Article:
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Argentina markets keep wary eye on Milei reform bill hold-ups - REUTERS

MAY 27, 2024


BUENOS AIRES, May 27 (Reuters) - Argentina's markets have a wary eye on President Javier Milei's sprawling reform bill that is grinding through Congress and facing likely amendments in the Senate that will push it back to the lower house and gum up its final approval. The country's bonds and peso, which rallied strongly in the early months after libertarian economist Milei took office in December, have ceded ground in recent weeks, weighed down by delays to the signature bill and rising political noise. 

The reform package, ranging from plans to privatize state bodies to measures to encourage investment, is a key plank in Milei's plans to fix the economy with inflation near 300%, myriad capital controls, and depleted foreign currency reserves. Its fate, therefore, is key for markets which have generally cheered Milei, a former TV pundit who won a shock election last year when he pledged "chainsaw" spending cuts to overturn an entrenched fiscal deficit after years of debt crises. 

"The rejection of the 'bases' bill and tax bill would confirm the political weakness of the government in building a legislative majority," said economist Joaquín Marque at local financial services firm UG Valores.

"That would generate greater uncertainty in various macroeconomic conditions and postpone the economic recovery." While Milei's austerity measures have boosted the country's fiscal position, Argentina's economy has tanked, with economic activity and construction down sharply, hit by moves including to halt public works. Poverty and dollar prices are rising fast.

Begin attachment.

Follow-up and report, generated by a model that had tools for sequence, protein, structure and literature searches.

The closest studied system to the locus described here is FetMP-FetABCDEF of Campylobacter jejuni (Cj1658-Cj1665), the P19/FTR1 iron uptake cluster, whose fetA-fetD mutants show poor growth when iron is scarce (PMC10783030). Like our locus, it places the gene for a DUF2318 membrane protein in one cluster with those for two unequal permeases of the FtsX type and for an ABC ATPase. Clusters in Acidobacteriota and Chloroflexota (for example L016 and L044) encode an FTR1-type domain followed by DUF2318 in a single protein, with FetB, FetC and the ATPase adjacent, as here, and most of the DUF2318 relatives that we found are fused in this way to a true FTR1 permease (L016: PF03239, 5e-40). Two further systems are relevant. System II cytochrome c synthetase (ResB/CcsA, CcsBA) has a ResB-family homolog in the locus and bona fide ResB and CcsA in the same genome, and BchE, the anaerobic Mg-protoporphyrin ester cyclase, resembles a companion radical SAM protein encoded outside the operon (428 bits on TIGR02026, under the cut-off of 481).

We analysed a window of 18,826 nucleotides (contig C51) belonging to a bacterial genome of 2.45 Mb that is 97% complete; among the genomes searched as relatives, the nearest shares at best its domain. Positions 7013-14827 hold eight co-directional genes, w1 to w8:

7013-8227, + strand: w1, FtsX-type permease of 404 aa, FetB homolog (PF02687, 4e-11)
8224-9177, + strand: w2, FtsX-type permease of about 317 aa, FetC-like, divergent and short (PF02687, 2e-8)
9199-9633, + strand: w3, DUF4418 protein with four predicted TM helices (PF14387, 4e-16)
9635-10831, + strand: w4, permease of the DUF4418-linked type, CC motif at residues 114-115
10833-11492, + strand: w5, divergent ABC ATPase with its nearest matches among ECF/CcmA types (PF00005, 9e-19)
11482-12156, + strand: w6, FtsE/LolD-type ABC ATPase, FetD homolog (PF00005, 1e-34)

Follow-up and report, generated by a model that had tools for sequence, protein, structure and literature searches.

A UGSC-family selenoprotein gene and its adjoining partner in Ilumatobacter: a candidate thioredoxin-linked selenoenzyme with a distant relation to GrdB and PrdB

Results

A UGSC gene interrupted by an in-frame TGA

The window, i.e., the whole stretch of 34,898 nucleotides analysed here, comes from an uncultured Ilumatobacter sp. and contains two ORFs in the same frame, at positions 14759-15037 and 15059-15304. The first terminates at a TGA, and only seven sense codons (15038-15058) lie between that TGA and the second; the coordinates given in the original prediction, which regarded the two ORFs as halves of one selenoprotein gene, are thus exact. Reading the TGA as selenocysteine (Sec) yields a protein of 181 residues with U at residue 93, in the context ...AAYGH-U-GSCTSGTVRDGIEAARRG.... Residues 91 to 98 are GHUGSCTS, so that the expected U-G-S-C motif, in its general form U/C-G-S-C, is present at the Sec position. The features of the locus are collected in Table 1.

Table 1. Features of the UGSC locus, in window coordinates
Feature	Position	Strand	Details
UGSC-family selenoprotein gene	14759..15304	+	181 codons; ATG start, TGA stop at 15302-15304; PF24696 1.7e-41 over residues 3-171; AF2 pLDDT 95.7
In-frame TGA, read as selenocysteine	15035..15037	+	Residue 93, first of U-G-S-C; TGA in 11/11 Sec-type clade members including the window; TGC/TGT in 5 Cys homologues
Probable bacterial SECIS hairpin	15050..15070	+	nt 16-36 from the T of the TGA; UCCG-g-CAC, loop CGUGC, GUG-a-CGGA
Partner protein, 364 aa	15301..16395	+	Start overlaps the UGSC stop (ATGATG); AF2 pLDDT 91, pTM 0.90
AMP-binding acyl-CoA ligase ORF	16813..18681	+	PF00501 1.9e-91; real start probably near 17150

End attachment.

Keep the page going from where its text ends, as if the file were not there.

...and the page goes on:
Reuters Graphics Reuters Graphics
Reuters Graphics Reuters Graphics

Consultancy Portfolio Personal Inversiones, meanwhile, said "positive news in the Senate about both bills and a greater inflow of agriculture sales" could boost the peso in widely used parallel markets to get around capital controls.

Milei, who only has a minority in Congress, has already conceded the bill is likely to take longer to move forward than his government had hoped, which has already delayed an important pact with regional governors Milei had aimed to sign in May.

A government adviser close to Milei, asking not to be named, said that the date of the pact with governors was less important than striking an agreement that would be long-lasting. "We don't care about the date, it could be June 20, July 9 or Oct. 17," the person said last week, adding that the reform bill should first get congressional approval. The bill likely faced modification and being sent back to the lower house, he added.

"There is no rush to sign the pact... It is preferable to wait for Congress to approve the bases law and to then advance a majority agreement between governors, legislators, union leaders and the church, among other social actors."


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